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Why do you speak of war as a present-day danger?

2020-09-27 | Global News

Even though it is not on TV news, one of the fastest growing and most consolidated trends in the world during the last three years has been the general rearmament of armies: from Morocco to [Japan](https://mainichi. jp/english/articles/20200922/p2g/00m/0na/018000c), from a Brazil wanting to become a continental gendarme to an Australia wanting to do the same in the Indian and the Pacific.

The increase of armed clashes and skirmishes directly between great powers, beyond the dimensions of the combats between proxy forces in different scenarios. We are talking about armored vehicles shooting at each other in Syria, bombardments of border artillery or clashes between fighter planes from Alaska to the Mediterranean. The kind of things that, when its frequency crosses a certain threshold, warn of a change in background. Something that, in the end, is also reflected in the level of verbal violence in official relations. The current tone would have seemed unimaginable between countries not engaged in open warfare even during the cold war. It is not only that the spectre of war is once again present as a distant and unpleasant threat. War, the prospect of a great war involving the great powers, is now part of the normal political conversation in the English-speaking world, and in Asia it has been for some time. In China, even immediate scenarios are discussed in the media, and the army says it is preparing for a military attack before the November presidential elections in the United States.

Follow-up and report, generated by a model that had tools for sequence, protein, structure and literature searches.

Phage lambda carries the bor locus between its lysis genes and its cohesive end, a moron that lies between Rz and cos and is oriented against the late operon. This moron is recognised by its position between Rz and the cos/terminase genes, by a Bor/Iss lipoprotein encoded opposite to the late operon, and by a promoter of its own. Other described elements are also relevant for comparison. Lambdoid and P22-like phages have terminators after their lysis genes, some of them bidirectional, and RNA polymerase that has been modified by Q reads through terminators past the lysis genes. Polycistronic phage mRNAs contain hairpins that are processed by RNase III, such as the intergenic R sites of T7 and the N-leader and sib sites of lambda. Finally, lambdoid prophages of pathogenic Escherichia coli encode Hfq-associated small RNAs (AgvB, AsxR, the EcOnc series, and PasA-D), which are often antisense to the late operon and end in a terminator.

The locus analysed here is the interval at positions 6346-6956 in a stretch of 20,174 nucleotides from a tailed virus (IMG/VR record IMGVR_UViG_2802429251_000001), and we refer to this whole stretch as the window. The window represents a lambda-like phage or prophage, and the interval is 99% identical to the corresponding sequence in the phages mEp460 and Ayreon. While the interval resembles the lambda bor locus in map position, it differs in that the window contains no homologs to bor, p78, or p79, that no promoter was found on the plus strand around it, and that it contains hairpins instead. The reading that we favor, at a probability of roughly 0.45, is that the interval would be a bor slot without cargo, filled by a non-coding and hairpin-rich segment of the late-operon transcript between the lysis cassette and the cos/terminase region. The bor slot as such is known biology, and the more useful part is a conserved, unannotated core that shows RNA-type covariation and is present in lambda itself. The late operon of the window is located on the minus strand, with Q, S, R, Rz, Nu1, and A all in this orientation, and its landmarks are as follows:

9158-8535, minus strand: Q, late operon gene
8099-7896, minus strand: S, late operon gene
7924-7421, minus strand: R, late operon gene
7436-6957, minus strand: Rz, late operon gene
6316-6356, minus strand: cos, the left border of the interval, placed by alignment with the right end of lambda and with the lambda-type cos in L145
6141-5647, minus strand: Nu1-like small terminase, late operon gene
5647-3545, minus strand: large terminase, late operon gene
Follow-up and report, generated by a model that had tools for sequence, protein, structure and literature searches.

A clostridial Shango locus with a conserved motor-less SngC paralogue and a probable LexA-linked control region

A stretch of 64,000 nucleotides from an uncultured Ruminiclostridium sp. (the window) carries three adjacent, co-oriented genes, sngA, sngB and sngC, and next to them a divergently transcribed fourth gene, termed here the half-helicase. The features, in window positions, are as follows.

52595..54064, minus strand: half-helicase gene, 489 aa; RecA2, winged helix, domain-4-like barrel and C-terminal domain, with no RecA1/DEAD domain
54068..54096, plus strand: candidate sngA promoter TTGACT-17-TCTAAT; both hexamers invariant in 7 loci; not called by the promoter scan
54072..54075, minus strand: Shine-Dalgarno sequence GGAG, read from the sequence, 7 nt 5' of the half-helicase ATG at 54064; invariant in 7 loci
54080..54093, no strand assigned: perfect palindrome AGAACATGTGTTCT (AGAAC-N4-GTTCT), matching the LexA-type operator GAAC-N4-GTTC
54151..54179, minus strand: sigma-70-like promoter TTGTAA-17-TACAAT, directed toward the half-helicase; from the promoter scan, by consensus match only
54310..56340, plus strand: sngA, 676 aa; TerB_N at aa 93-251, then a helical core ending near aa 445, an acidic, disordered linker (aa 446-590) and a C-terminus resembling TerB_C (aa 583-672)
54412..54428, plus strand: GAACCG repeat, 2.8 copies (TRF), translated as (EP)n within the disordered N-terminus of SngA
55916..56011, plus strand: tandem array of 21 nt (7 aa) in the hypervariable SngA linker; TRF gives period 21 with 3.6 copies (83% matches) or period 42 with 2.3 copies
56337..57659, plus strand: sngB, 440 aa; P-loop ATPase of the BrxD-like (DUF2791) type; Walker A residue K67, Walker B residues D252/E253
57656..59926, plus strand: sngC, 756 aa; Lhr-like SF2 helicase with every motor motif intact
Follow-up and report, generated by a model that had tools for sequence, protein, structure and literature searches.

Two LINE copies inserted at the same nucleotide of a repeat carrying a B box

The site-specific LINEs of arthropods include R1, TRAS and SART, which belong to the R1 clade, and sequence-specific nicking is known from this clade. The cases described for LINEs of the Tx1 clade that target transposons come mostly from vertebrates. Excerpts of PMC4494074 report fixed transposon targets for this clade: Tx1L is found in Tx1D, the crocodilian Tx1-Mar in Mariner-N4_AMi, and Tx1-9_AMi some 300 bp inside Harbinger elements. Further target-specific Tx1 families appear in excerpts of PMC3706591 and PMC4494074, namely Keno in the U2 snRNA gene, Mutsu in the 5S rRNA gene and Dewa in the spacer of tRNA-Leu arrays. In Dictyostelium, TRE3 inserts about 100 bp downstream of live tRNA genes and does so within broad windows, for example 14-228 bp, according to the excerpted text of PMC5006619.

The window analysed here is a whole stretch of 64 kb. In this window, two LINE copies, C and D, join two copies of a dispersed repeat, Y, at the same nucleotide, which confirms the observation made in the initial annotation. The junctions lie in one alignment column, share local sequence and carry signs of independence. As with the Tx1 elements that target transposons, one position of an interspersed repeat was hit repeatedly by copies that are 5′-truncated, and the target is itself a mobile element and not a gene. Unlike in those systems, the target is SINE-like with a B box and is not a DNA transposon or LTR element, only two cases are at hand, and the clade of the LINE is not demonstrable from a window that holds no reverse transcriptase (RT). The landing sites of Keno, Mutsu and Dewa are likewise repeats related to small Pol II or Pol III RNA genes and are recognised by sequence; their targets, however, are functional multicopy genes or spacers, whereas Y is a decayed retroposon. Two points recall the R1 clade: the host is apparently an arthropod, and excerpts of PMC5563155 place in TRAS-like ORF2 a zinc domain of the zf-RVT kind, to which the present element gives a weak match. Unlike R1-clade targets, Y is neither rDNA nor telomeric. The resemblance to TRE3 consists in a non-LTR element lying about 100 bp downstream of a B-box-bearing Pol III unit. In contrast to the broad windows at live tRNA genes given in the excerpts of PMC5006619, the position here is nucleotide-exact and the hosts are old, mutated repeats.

imperialism

imperialism

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productive forces